Our gardening diary is not merely a useful record, supplementing or replacing an increasingly fallible memory, it is also, like Wordsworth’s snowdrops, an index, the “pensive monitor of fleeting years.” Two weeks ago I sowed some seed, 43 pots, some duplicates placed in a different part of the tray in the hope that if the seeds don’t germinate in one pot, they may in the other. Forty-three may sound an oddly precise number; it happens to be the number that neatly fits into the tray.
I used to make up my own soil mix, another sign of a ‘serious’ gardener. Now, lazier, I buy something from the garden centre. The tray is sealed with a clear plastic cover, and then placed outside under a bench on the back porch, where the soil in the pots will freeze and thaw. This process of stratification helps some seed to break dormancy, and is not used for tender plants such as annuals.
Seeds in two of the pots have already germinated, which is a nuisance, as I now have to bring the pots inside to a sunny window where I have then to keep an eye on them to ensure that they get enough light and that they don’t dry out. What makes this process an index of fleeting years is that in March 1994 I sowed 180 pots. Sometimes it’s better not to look back.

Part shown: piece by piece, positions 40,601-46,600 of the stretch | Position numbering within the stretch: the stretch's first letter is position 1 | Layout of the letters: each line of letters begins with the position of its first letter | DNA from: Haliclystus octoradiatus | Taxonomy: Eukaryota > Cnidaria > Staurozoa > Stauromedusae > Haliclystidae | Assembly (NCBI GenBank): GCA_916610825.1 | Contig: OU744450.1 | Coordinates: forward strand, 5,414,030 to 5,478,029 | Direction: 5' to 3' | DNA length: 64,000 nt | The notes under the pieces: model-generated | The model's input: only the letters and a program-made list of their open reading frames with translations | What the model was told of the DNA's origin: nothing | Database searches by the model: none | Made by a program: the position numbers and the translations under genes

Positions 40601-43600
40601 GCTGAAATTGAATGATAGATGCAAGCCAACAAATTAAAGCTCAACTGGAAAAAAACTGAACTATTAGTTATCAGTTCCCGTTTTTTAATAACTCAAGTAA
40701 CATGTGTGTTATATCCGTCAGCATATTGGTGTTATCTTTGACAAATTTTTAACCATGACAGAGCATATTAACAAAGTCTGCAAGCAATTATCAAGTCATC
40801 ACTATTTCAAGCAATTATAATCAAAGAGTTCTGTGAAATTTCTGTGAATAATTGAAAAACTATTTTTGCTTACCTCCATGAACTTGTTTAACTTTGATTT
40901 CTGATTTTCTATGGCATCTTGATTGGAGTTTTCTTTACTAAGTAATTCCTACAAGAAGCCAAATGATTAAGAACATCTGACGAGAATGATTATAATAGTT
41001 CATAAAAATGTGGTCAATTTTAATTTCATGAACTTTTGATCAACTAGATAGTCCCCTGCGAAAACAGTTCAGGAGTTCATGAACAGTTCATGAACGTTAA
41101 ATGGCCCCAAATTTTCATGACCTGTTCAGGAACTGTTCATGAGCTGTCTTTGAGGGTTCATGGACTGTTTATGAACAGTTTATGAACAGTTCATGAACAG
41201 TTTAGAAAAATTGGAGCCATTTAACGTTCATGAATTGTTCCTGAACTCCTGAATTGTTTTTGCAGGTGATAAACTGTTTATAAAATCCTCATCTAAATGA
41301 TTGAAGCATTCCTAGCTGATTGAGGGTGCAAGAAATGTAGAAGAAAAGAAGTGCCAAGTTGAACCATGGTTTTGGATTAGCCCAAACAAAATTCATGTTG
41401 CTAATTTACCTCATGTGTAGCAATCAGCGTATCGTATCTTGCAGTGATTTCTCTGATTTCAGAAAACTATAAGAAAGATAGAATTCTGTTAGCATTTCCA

Open Garden Days at Lilactree Farm
A number of visitors have commented how much they enjoy the Open Garden Days as “community events” where they meet fellow-gardeners old and new. So we plan to go ahead but rather more spontaneously, so when there is something of particular interest (the “blue haze” of scilla and chionodoxa, the early-flowering daphnes, spring ephemerals, species tulips, etc.) we will let you know and hope that you can spare an hour from your own garden. If you wish to learn of Lilactree Farm’s Open Garden days, contact Brian using this contact form and he will add you to the notification list.
 You will grasp from this, that if you are not anxious, you are either enviously relaxed or not a ‘serious’ gardener.